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Association of Defense Communities: Defense Communities 360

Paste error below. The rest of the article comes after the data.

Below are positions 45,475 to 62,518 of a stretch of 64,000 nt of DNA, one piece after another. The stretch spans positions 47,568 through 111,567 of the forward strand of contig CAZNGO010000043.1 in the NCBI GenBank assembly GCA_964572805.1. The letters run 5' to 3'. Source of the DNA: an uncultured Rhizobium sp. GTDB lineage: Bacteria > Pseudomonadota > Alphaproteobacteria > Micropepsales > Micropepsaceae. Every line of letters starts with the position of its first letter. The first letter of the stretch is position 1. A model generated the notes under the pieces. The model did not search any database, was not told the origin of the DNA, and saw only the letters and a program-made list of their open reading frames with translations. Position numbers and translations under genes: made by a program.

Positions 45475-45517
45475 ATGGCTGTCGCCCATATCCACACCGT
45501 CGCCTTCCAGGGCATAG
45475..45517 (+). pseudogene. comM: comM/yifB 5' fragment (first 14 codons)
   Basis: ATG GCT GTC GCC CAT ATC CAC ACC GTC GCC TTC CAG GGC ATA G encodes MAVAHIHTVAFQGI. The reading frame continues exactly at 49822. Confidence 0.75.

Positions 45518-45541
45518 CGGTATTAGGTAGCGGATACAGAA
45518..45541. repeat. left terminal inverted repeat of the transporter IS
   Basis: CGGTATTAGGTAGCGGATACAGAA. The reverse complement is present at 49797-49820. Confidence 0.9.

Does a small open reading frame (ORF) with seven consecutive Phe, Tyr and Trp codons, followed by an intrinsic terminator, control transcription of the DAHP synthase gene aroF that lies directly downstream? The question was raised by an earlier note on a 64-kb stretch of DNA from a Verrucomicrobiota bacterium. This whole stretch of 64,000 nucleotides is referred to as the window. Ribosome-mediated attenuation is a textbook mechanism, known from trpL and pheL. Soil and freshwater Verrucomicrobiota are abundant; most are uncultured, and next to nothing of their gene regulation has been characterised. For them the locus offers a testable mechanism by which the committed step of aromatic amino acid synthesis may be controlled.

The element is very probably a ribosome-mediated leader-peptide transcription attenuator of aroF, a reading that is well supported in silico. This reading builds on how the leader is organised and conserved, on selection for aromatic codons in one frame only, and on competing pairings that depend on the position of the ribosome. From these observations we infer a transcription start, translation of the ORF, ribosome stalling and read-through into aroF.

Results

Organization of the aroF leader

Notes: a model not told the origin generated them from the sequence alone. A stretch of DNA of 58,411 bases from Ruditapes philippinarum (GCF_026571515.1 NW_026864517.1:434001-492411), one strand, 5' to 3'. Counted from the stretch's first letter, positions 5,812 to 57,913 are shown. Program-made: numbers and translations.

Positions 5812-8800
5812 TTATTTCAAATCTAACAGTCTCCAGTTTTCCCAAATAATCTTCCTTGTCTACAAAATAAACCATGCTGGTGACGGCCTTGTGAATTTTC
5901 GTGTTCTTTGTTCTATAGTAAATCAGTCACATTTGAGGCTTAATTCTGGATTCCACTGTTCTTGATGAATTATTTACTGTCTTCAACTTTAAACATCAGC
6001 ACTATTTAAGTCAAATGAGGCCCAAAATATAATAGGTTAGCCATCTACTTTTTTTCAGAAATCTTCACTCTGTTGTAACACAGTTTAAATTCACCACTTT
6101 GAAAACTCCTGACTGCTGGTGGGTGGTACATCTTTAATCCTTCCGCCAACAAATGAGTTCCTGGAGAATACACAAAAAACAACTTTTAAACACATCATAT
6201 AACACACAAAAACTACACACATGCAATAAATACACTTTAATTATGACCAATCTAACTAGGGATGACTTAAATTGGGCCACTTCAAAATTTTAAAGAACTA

Look for the Pentagon to consider expanding the public-private partnership model it relied on to recapitalize the military’s family housing to other types of defense infrastructure under the next administration. “No matter who wins, we’re going to be taking a fresh look as these kinds of things,” Peter Potochney, acting assistant secretary of defense for energy, installations and environment, said during a panel discussion Tuesday at the Center for Strategic and International Studies (CSIS). “I don’t think there’s anybody who doesn’t think it’s a great thing, and it’s worked well, and it’s saved us money, and it’s gotten soldiers, sailors, airmen and Marines better housing than they had before,” he said, reported DOD News. The primary challenge to expanding privatization to other realms is resistance from “warfighters” who view turning over DOD functions to the private sector as losing control over that activity. “What we have to learn from that,” Potochney said, “is how do we look at new opportunities in ways that our leadership, our warfighting leadership, will understand, so that they will accept new private sector ventures?”

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